The polarization statistics are consistent with the results of Sonwalkar et al. [1991] and C.-M. Ho et al., 1991 that the impulsive signals detected in the nightside ionosphere of Venus fall into two classes. Prior to these studies the classification was usually based on the wave frequency alone, with the 100-Hz bursts assumed to be whistler mode waves, and the higher frequencies being due to some anomalous wave propagation mechanism. It now appears that the 100-Hz waves also fall into these two, classes. We find that roughly half of the intervals containing 100-Hz bursts are associated with vertical fields and are consistent with whistler mode waves propagating from below the ionosphere. However, since the magnetic field is mainly horizontal in the nightside ionosphere, the normalized rate of occurrence is higher for whistler mode waves. A similar result was found in the burst rate study of C.-M. Ho et al., 1991.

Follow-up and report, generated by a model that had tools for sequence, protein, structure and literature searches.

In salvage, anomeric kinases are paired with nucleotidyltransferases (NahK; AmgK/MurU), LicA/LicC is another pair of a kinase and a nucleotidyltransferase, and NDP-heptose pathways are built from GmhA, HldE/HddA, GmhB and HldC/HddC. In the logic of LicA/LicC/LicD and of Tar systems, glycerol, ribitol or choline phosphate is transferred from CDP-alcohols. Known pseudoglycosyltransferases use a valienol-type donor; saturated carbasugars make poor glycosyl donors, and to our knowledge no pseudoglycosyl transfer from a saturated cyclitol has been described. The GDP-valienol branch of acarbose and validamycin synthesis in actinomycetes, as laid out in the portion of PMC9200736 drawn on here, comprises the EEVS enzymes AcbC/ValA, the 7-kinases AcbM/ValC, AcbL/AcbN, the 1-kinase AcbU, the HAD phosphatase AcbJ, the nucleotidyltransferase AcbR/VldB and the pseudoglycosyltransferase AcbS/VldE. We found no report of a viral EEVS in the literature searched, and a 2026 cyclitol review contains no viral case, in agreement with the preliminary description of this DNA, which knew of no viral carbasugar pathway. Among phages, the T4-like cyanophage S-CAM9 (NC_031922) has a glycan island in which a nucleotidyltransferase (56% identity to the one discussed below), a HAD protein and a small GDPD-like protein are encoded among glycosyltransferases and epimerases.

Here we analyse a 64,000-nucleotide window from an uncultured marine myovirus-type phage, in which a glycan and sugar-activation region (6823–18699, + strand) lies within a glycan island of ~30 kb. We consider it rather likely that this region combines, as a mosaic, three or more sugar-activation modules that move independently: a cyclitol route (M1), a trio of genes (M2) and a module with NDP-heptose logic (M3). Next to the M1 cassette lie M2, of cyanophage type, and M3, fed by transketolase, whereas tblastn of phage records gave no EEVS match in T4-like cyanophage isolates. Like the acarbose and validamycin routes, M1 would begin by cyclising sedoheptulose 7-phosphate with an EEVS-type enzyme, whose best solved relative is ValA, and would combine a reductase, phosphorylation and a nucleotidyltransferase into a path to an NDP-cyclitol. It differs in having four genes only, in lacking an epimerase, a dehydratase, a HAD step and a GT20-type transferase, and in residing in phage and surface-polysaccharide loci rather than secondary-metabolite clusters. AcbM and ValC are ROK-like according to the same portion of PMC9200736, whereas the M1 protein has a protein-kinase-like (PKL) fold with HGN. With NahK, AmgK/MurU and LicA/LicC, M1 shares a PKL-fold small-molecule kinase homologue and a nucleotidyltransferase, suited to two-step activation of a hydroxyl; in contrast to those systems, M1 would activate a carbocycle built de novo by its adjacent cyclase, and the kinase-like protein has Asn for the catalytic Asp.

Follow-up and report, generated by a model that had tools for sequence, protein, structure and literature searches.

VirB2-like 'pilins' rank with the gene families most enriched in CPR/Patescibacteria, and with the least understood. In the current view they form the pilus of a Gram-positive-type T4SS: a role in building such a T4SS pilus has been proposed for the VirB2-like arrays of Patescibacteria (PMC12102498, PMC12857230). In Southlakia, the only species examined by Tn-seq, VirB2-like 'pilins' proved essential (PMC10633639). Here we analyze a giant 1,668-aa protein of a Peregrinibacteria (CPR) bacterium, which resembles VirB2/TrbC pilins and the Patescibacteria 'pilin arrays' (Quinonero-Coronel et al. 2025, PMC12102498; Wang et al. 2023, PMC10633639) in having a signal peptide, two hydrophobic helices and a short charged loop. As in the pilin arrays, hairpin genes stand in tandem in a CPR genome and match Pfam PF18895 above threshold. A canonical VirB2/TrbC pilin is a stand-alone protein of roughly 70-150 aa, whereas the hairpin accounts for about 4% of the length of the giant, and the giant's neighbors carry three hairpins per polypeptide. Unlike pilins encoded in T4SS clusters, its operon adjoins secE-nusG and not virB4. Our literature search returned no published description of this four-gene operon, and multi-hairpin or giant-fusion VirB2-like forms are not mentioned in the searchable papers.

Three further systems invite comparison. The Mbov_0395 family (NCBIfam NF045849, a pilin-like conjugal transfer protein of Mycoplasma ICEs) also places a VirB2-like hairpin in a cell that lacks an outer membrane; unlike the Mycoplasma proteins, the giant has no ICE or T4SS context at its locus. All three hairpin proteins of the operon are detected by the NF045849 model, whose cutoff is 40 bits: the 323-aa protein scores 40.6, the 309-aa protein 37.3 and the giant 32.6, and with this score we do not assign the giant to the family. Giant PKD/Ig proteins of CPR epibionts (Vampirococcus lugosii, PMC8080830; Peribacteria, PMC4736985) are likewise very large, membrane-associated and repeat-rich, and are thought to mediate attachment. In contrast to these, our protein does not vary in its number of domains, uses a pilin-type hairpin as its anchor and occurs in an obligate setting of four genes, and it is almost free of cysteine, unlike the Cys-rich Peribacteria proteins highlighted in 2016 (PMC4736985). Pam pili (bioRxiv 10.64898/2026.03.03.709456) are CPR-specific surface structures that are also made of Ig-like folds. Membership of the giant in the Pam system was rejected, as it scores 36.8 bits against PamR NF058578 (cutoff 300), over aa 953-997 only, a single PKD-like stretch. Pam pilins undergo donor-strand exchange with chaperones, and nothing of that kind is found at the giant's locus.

In conclusion, the results presented here support the hypothesis that atmospheric lightning is responsible for the waves observed in the nightside ionosphere of Venus. The local time dependence of the higher-frequency burst rate [Russell et al., 1989; Ho et al., 1991] is the most telling argument for a lightning source for the nonwhistler mode waves, but the additional information that these waves are parallel polarized suggests that the signals may be similar to those reported by Kelley et al. [1985]. It should be emphasized, however, that a local electrostatic instability might generate parallel polarized waves, and the polarization data alone are not sufficient to discriminate between sources at the higher frequencies. With regard to the 100-Hz waves the whistler mode identification argues against a local source. First, the 100-Hz waves were found to be polarized perpendicular to the ambient magnetic field when whistler mode waves could propagate vertically from below. It is not clear why any local instability would depend on the ambient magnetic field orientation. Second, Maeda and Grebowsky [1989] suggested that whistler mode waves could be generated in situ, but Strangeway [1990] pointed out that the high refractive index of whistler mode waves means that the thermal electron Landau damping is important and any instability must have a large growth rate to overcome this damping. Since it appears unlikely that whistler mode waves are generated locally in the nightside ionosphere of Venus, atmosphere lightning is a probable source.